- CCBC Catonsville
- School of Applied and Information Technology
- The Institute of Art, Design, and Interactive Media
- History of Art II, ARTS 106, Sections: CE1 and C2A:
ARTS 106 – 3 Credits – History of Art II introduces the development of world art and visual culture including architecture, monument, painting, sculpture and related arts from c. 1400 CE to present. Works of art are analyzed and considered in-depth through comparative cultural study, with close attention to social, historical, and religious contexts.
3 credits; 3 lecture hours per week
Prerequisites: ENGL 052 and RDNG 052
BASIC COURSE INFORMATION
- Instructor: Sarada Conaway (sounds like Shar a da)
- Spring 2013
- Instructor’s office: Q225, CCBC Catonsville
- Instructor’s contact information: email@example.com (443) 840-4699
- Class times: CE1 11:15-12:40 Monday/Wednesday, C2A 5:45-8:40 Tuesday
- Course website http://saradaconaway.wordpress.com
- Instructor’s office hours: 11:00-1:00 Tuesday, 1:00-4:00 Wednesday
- Additional office hours are available by appointment. The instructor is available via email and by phone. Please allow approximately one business day for a reply. Please do not email assignments. Instructor inbox limits are small.
Upon completion of the course students will be able to:
- define and use correct terminology, including media, visual elements, processes, periods, styles, and architectural terms;
- identify some of the theoretic issues and positions reforming art history as a discipline, including contextualism, formalism, post-colonialism, multiculturalism and feminism;
- analyze key works through knowledge and understanding of the style, artist, date, and cultural context of the work
- identify the time periods, geographical centers, and stylistic characteristics of major art movements and cultures;
- analyze the iconography of specific works of art as well as each work’s relationship to the historical and cultural iconography of the period;
- recognize and discuss chronologically the developments of styles and ideas studied, including a global understanding of the progression of periods and the relationships between them from c. 1400 CE to present;
- identify significant philosophical movements, religious concepts, and historic figures, events, and places and discuss their relationship to works of art;
- distinguish cross-cultural philosophical attitudes and ideas revealed by differences in style and content of works;
- discuss the work of major artists, their artistic intentions, concerns, stylistic characteristics, their media and their principle influences;
- evaluate sources for historic information;
- examine methods used to arrive at ideas;
- evaluate positions from which changing value judgments are made, giving special attention to the basic premises and principles of different cultures;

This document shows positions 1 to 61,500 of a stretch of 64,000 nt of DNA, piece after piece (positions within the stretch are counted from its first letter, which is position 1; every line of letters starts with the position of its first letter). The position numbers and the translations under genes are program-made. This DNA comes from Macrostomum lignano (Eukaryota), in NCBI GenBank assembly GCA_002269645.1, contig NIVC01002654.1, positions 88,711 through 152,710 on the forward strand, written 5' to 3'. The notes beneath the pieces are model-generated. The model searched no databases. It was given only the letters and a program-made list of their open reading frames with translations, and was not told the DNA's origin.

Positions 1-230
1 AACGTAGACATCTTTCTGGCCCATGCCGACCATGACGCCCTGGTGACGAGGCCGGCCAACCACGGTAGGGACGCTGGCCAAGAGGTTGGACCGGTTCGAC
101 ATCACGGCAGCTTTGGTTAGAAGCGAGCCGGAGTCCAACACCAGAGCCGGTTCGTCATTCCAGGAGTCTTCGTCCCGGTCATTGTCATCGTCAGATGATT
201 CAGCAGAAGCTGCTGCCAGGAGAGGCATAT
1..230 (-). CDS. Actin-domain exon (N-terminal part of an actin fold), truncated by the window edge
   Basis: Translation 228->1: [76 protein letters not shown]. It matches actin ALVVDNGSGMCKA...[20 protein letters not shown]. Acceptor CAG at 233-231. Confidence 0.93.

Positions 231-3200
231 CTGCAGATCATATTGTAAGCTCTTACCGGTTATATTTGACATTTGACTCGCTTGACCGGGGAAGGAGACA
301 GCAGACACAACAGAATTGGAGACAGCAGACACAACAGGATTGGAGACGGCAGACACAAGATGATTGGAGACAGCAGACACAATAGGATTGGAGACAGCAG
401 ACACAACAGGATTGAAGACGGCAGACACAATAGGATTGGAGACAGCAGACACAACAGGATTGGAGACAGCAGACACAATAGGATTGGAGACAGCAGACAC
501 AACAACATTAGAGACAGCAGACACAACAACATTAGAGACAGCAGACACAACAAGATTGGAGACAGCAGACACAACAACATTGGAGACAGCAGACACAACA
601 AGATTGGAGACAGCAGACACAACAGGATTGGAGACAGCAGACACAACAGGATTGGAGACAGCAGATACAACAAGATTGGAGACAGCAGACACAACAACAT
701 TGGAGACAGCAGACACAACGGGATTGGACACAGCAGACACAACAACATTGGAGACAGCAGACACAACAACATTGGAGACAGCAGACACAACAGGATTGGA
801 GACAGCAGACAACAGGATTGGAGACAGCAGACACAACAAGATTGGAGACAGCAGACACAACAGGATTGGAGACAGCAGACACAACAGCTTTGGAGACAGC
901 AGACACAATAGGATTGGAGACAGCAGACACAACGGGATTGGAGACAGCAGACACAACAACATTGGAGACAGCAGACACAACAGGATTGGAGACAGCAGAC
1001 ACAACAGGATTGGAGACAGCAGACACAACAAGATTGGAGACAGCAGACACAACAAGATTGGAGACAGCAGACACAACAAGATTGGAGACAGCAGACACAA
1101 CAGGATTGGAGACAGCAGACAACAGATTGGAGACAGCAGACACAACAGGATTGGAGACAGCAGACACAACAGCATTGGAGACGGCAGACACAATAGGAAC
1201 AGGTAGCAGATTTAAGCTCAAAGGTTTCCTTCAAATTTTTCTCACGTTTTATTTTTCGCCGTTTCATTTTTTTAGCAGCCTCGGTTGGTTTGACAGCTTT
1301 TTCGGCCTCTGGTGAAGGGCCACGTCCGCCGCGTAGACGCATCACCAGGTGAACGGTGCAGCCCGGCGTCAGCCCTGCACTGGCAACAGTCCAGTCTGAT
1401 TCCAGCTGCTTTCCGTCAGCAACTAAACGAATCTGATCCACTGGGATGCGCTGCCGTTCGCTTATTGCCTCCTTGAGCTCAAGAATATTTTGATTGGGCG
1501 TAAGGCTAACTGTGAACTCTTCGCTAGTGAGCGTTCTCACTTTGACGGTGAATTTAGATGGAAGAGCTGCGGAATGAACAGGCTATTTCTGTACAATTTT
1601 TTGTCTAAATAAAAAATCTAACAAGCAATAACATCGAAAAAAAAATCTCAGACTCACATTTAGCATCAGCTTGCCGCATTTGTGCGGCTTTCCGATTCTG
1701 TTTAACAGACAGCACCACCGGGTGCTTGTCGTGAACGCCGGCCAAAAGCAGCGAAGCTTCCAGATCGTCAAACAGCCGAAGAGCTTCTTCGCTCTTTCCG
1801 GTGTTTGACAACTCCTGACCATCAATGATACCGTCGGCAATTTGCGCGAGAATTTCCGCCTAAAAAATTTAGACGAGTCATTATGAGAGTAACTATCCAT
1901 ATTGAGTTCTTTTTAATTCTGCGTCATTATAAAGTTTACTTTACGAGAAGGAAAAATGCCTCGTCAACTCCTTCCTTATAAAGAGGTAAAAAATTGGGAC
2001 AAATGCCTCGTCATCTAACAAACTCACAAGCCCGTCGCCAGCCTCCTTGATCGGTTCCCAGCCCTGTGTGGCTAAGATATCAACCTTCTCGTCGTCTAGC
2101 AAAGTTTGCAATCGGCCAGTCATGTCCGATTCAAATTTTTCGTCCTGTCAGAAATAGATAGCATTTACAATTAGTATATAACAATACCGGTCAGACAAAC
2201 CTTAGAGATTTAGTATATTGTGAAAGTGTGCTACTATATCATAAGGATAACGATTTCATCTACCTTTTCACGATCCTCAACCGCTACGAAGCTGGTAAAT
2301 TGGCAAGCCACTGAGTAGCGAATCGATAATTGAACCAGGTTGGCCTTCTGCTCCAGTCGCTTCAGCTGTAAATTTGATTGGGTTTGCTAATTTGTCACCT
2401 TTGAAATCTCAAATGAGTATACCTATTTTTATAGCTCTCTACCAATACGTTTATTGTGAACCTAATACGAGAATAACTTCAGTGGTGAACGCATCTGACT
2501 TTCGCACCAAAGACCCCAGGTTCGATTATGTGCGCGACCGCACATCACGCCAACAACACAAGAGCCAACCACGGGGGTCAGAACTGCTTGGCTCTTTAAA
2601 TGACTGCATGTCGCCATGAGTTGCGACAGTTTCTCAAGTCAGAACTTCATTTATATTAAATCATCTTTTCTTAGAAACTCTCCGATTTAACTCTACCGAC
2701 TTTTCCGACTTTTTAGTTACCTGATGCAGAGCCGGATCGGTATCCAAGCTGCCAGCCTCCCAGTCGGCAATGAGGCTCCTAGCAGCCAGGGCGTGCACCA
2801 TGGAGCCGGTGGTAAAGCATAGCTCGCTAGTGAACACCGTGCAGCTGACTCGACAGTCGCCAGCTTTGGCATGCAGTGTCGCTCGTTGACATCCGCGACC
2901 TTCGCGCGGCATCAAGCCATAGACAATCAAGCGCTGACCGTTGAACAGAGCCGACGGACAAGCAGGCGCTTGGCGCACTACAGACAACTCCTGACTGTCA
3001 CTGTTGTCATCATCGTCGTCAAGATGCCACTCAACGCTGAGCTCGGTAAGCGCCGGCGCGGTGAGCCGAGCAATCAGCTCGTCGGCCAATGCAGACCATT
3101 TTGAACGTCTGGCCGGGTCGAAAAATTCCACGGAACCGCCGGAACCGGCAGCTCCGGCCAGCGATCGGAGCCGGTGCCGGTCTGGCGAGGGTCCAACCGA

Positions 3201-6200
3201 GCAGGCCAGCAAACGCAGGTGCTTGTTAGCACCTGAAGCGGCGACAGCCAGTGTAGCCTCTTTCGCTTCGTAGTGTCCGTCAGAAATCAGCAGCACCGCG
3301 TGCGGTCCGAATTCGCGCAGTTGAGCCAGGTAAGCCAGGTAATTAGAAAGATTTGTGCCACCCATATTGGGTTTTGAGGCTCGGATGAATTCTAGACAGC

- attribute unfamiliar works of art to an artist, a country, and/or style;
- analyze how works of art and cultures from c 1400 CE to present influence and relate to the art and cultures of today; and
- explain the importance of art to the evolution of humanity, to the enrichment and quality of life, to the development of self-awareness, and to the understanding of our shared and diverse world.
- Renaissance art in Europe
- Baroque, Rococo and Early American art
- Art of South and Southeast Asia after c. 1400
- Chinese and Korean art after c. 1400
- Japanese art after c. 1400
- Art of the Americas after c. 1400
- Art of Pacific Cultures
- Art of Africa after c. 1400
- Neoclassicism and Romanticism
- Rise of Modernism in Europe and America
- Modern Art in Europe and the Americas, 1900-1950
- Art since WWII
- Postmodern and Contemporary art
INSTRUCTOR’S S STATEMENT
I hope that you will all find this course valuable. Our college is diverse, and there are many possible motivations for taking this class. Thus, each student could take something quite distinctive from our experience together this semester.
If you are an art student, and planning to contribute to future artistic developments, understanding how the visual arts have evolved is essential to your goals. It’s also possible that you will discover some long dead “friends and colleagues” in artists from past. You may even find that this course inspires your studio practice for many years to come.
If you are interested in history or anthropology, you might appreciate studying how art making relates to other aspects of past cultures.
If you plan to take upper-level college classes, the writing component of this course will be useful. Writing about art is a challenge even to the most skilled student. Translating visuals into the written word is excellent practice for any writer.
Finally, if you are simply here for 3 required credits, I hope that at the end of this course you too will have received something useful. I have also taken courses outside my primary area of interest. I’ll be happy to do what I can to make this class relevant to your future endeavors.
In short, to all members of this class, I aim to make this course worthwhile. I ask that you assist me in this goal whenever possible. Welcome to ARTS 105.
- Three tests
- Comprehensive final exam
- One 3-5 page Cultural Research Paper
- Turn in specific stages of Cultural Research Paper throughout the semester
- One PowerPoint presentation on your Cultural Research Paper
In order to successfully fulfill the course requirements, you will need to devote approximately 4-7 hours outside of class to homework each week. This ratio, 1 class hour to 2 homework hours, is a standard that accredited colleges must meet. Thus, students taking a 15-hour course load should expect to spend about 45 hours per week attending classes and doing homework.